Photography studio, gallery and training complex

What The Holga Is The Fuss About? (Part 1)

Recommended reading

After listening to several of Christophe Dillinger’s talks about the wonderful world of plastic cameras I eventually decided to invest a few of my birthday vouchers and buy a Chinese-made Holga camera.

It arrived in a nice box, with a very informative, refreshingly warts-and-all instruction book and I eagerly unwrapped it and held this unprepossessing plastic box in my trembling fingers. I already knew, having handled a few of these cameras, not to expect anything especially impressive – and in that sense I wasn’t disappointed – it certainly couldn’t be described as impressive.

The first thing that strikes you is the weight – or lack of it. This is a very light camera. In fact it pretty much doubles in weight when you load a film! But then it would be: the few bits that aren’t made of plastic are made of the flimsiest metal (such as the clips that hold the camera back in place). Build quality isn’t, as enthusiasts and manufacturers alike would acknowledge, exactly first class.

But then these cameras, and other similar plastic-lensed cameras, were first marketed as toys, only being picked up by “serious” photographers on a small scale at first before becoming the cult objects they have latterly become. I suspect though that my Holga would last about two minutes in the hands of most kids.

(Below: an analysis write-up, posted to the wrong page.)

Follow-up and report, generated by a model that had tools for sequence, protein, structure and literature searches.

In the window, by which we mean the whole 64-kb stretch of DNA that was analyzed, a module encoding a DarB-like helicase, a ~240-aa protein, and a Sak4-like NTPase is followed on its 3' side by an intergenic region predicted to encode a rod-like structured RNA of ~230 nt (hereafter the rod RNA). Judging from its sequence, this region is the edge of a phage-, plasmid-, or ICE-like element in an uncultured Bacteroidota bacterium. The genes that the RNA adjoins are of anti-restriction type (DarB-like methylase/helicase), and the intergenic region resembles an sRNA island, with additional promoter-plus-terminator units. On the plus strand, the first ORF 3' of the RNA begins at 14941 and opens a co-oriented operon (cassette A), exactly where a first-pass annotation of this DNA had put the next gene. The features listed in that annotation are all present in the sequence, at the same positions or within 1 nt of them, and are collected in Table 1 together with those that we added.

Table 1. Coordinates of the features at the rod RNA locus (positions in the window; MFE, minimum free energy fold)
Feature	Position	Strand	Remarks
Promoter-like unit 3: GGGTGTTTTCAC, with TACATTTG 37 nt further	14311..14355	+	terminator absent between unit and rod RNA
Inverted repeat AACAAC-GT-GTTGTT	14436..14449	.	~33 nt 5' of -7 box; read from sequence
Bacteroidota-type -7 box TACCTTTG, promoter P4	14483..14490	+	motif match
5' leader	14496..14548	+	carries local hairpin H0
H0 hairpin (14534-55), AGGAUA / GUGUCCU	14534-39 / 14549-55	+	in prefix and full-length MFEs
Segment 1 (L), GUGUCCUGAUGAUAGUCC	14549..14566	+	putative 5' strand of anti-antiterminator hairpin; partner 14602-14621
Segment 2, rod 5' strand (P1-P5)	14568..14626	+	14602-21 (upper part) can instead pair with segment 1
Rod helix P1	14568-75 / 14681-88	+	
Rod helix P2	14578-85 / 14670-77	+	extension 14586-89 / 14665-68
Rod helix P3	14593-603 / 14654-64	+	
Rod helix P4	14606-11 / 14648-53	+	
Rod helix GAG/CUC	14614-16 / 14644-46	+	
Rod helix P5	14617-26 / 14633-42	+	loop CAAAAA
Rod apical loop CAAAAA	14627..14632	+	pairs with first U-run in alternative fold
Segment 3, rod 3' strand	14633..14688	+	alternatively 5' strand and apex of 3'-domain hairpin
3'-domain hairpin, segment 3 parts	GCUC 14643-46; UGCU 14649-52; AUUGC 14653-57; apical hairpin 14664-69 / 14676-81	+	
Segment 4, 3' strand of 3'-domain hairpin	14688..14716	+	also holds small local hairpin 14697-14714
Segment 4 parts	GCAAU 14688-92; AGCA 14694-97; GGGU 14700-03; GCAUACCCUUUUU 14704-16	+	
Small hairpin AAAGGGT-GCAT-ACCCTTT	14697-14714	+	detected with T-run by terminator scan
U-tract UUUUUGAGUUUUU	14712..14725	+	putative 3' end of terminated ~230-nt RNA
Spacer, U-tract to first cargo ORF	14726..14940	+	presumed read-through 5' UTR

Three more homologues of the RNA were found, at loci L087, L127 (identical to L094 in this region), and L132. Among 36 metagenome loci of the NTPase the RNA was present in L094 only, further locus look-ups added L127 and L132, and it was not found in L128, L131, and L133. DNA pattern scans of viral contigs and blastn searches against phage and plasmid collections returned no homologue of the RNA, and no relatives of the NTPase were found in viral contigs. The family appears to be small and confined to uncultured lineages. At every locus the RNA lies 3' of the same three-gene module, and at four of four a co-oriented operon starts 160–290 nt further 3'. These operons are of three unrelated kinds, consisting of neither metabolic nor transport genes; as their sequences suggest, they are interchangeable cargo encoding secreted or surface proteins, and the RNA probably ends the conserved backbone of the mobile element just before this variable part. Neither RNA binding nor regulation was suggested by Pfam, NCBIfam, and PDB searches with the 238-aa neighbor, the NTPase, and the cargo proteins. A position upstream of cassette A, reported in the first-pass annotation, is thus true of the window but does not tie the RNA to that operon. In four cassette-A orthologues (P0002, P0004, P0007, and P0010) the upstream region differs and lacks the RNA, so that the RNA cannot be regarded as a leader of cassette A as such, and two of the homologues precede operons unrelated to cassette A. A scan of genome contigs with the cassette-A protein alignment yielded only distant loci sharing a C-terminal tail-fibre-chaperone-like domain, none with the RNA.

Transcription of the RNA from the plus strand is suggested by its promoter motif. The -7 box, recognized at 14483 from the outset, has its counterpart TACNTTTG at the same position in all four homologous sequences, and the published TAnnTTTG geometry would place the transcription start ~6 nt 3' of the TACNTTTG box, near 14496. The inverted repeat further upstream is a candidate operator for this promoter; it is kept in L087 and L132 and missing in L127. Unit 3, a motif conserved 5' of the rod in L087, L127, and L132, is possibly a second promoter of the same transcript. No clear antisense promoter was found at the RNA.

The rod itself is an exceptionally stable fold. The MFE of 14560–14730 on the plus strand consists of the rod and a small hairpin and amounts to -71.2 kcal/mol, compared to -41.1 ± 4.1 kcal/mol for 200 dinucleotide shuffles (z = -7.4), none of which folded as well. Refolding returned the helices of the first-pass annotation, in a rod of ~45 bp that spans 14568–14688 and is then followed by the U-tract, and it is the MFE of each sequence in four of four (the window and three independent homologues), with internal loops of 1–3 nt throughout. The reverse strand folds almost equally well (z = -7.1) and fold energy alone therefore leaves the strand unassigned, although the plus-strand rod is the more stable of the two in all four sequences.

Mods: The manual that came with the camera, as well as the excellent book I spent the remainder of my Amazon vouchers on – “Plastic Cameras” by Michelle Bates – recommended certain modifications (or “mods” to the initiated) before putting a roll of film (did I mention that as well as having a plastic lens, the Holga shoots film?) through it. This included putting two strips of black electrical tape across the camera’s inner moulding to ease the film’s transport without scratching the film emulsion. I was also advised to put three pieces of gaffer tape on the back of the camera: two to hold the camera’s back on – yes, ON – the flimsy clips have a tendency to slip/spring off thereby revealing your film to the elements (and light) mid-shoot.

The third piece of gaffer tape goes over the small frame counter window, which is notorious for letting in light, so fogging the film. This means that during use, the tape has to be lifted (in subdued light) to check frame numbers or to advance the film to the next frame.

A 120 to 35mm adaptation.

Frame counter taped up

Some users surpass even these measures and insert all manner of sponge, elastic and tape to their Holgas. Many of the mods are to prevent stray light from flooding in to the sieve-like body but its also possible to adapt your 120 camera to shoot 35mm (but why bother? – they make a 35mm version!). 

Perhaps the most useful mod of all?...

More in part two…

http://www.silverprint.co.uk/ – retailers of Holgas

http://www.lomographylondon.co.uk/ and http://uk.shop.lomography.com/?gclid=CNT76abLi6kCFUFC4QodxUr3ig

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2 responses

  1. A Holga is not a camera, it’s a way of life… 🙂 Talking about mod, here’s one that allows you to do macro photography for cheap.
    http://www.flickr.com/photos/epug/468150676/

    May 29, 2011 at 9:29 am

    • Always welcome input from the master! Thanks, Christophe.

      May 29, 2011 at 6:11 pm

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